|Title:||A Genealogy for Post-Truth Democracies: Philosophy, Affects, Technology|
|Other Titles:||Communication & Society|
|Publisher:||Communication & Society|
|Citation:||Arias-Maldonado, M. (2020). A Genealogy for Post-Truth Democracies: Philosophy, Affects, Technology. Communication & Society,33(2), 65-78.https://doi.org/10.15581/003.33.2.65-78|
|Abstract:||How to make sense of post-truth? As the erosion of truth seems to be on the rise in contemporary societies, apparently threatening the deliberative function assigned to their public spheres and the health of democratic systems, it has become a necessity to deal with this controversial phenomenon. This paper provides a genealogy for post-truth, shedding light on its roots. It focus on three different dimensions of “post-truthfulness:” the philosophical dimension, which relates to the long theoretical debate about the possibility of truth, the conclusion of which is largely skeptical about a strong position on universally recognizable truths; the affective dimension, which takes into account the insights provided by contemporary literature on emotions; and the technological dimension, that is, the digital transformation of the public sphere. The convergence of these currents explains the rise of post-truth democracies. However, as the last section tries to demonstrate, a distinction between different types of truth is required, lest post-truth theories end up producing a nostalgia for something that never existed. After all, liberal democracies are themselves skeptical, their relationship with truth being unavoidably complex and ambiguous. Thus, distinguishing between post-truth and post-factualism can be useful for organizing the democratic conversation from a normative and practical standpoint.|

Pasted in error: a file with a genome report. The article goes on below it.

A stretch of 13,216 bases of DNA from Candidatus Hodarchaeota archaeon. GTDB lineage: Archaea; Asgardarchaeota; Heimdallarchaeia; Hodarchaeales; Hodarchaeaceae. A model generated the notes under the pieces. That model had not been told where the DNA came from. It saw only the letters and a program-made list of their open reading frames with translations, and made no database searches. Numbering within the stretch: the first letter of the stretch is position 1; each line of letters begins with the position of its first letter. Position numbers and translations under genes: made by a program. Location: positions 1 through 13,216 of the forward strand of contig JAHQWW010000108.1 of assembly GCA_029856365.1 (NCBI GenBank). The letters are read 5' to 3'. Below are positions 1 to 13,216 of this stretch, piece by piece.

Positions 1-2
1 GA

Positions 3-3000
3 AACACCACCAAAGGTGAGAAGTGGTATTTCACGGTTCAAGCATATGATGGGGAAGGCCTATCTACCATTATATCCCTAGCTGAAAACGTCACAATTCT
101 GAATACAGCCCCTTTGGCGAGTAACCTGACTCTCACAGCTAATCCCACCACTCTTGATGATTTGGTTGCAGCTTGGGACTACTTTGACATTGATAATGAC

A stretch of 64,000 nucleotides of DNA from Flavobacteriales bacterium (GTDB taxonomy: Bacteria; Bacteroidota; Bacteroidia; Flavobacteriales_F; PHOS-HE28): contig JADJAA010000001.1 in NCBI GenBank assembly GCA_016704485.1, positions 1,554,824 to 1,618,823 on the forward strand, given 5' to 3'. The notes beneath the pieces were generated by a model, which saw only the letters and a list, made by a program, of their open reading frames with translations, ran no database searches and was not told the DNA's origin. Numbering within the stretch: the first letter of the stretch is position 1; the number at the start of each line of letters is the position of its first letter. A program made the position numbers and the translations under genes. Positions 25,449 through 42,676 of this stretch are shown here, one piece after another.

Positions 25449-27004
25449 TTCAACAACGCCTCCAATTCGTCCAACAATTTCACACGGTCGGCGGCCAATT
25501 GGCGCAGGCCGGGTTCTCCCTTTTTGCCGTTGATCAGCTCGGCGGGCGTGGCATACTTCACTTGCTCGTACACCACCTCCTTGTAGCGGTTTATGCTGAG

|Appears in Collections:||Documentos internacionales sobre libertad de expresión y derechos conexos|
|A genealogy.pdf||A genealogy||197,5 kB||Adobe PDF||View/Open|
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